And then nobody would adhere to the standard. –  Stephen Canon Jan 17 '10 at 23:38
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We don't have backward compatibility now. Every time a compiler is updated you may be required to re-compile all your libs to conform to the new ABI it defines. –  Loki Astari Jan 18 '10 at 1:10
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@Stephen: GCC did 3 times in the previous version. 2.9x -> 3.0 (break: New ABI) 3.0 -> 3.1 (break Bug Fix) 3.1 -> 3.2 (break Something else) –  Loki Astari Jan 18 '10 at 2:24
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There may have been problems in C++ with GCC, but I don't recall any problems with C. –  Jonathan Leffler Jan 18 '10 at 5:15

Rather than a generic ABI for all platforms (which would be disastrous as it would only be optimal for only one platform). The standard's committee could say that each platform will conform to a specific ABI.

But: Who defines it (the first compiler through the door?). In which case they get an excessive competitive advantage. Or a committee after 5 years of compilers (which would be another horrible idea).

Also it does not give the compiler leaway to do further research into new optimization strategies, you would be stuck with the tricks available at the point where the standard was defined.

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Execution speed would suffer drastically on a majority of platforms. So much so that it would likely no longer be reasonable to use the C language for a number of embedded platforms. The standards body could be liable for an antitrust suit brought by the makers of the various chips not compatible with the ABI.

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Run for your life, they've got Lawyers! –  dmckee Jan 17 '10 at 23:38

The C (or C++) language specifications define the source language. They don't care about the processor running it (A C program could even be interpreted by a human slave, but that would be unethical and not cost-effective).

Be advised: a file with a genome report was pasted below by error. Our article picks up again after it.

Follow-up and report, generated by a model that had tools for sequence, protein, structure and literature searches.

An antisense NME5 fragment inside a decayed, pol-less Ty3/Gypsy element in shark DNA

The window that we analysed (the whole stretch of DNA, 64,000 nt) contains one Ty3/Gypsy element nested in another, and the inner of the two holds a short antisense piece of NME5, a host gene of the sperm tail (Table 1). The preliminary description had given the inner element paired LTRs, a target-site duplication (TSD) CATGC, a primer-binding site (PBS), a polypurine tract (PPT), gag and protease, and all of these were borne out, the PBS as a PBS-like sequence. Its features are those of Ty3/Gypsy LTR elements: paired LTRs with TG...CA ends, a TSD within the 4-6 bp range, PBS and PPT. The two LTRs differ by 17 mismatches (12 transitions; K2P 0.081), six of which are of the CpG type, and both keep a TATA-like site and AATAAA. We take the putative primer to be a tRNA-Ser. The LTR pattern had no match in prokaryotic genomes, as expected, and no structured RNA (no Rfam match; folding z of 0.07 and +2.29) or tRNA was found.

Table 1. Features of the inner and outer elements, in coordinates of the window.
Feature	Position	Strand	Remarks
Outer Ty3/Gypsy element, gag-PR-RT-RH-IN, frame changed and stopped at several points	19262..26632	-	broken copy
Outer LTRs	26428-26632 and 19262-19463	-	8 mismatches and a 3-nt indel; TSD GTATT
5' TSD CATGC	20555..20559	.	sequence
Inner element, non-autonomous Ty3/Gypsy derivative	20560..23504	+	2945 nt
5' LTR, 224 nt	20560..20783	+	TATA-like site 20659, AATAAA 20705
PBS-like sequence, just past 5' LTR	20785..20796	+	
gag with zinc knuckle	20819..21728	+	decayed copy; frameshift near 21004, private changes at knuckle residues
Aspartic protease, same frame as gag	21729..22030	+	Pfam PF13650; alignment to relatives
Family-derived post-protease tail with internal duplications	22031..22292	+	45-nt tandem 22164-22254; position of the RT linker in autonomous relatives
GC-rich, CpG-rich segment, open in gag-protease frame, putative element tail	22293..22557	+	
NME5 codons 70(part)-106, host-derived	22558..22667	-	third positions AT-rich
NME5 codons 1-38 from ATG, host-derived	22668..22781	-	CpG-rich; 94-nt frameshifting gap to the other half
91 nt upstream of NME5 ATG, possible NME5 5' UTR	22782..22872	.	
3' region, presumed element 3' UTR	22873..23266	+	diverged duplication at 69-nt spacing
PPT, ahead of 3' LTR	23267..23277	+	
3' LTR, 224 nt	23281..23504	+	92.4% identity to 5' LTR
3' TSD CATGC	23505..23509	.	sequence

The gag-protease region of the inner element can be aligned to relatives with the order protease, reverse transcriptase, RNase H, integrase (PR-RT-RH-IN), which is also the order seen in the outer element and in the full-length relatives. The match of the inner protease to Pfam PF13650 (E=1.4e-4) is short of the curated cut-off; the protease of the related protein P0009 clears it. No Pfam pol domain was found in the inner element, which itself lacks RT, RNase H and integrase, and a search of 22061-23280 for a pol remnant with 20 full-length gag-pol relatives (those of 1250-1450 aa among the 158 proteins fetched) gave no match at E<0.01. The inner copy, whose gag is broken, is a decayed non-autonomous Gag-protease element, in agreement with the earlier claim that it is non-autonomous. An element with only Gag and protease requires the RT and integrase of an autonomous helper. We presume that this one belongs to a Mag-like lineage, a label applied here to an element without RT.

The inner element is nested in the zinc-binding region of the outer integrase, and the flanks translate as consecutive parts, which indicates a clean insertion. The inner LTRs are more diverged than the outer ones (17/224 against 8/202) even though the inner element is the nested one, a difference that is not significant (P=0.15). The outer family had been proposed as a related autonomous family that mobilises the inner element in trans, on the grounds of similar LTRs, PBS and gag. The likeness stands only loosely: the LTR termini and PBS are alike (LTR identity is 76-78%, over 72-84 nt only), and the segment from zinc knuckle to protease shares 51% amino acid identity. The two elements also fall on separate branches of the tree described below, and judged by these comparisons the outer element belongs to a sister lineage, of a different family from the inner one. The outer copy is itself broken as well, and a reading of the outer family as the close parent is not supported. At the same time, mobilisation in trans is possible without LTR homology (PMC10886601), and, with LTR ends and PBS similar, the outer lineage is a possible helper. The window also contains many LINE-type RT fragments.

The ABI is by definition something about the target system. It is related to the processor and the system (and the existing libraries following the ABI).

In the past, it did happen that some processors had proprietary (i.e. undisclosed) specification (even their machine instruction set was not public), and they had a non-public ABI which was followed by a compiler (respecting more or less the language standard).

Defining a programming language don't require the same skill sets as defining the ABI.

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Well, there wouldn't be one standard ABI, but about 1000. You would need one for every combination of OS and processor architecture.

Initially, nothing would be lost. But eventually, somebody would find some horrible bug and they would either fix it, breaking the ABI, or leave it, causing problems.

I think that the situation right now is fine. Any OS is free to define an ABI for itself (and they do), which makes sense. It should be the job of the OS to define its ABI, not the C/C++ standard.

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Or the developer, for those developing code that runs without an OS. –  Justin Smith Jan 17 '10 at 23:49

C always had a standard ABI, which is even the one used for any most standard ABI (I mean, the C ABI is the ABI of choice, when different languages or systems has to bind to each others). The C ABI is kind of common ABI of others ABIs. C++ is more complex although extending and thus based on C, and indeed, a standard ABI for C++ is more challenging and may present issues to the freedom a C++ compiler have for its own implementation of the target machine code. However, it seems to actually have a standard ABI; see Itanium C++ ABI.

So the question may not be that much “what could they loose?”, but rather “what do they loose?” (if ever they really loose something).

Side note: needed to keep in mind ABIs are always architecture and OS dependant. So if what was meant by “Standard ABI” is “standard across architectures and platforms”, then there may never has been or be such thing, but communication protocols.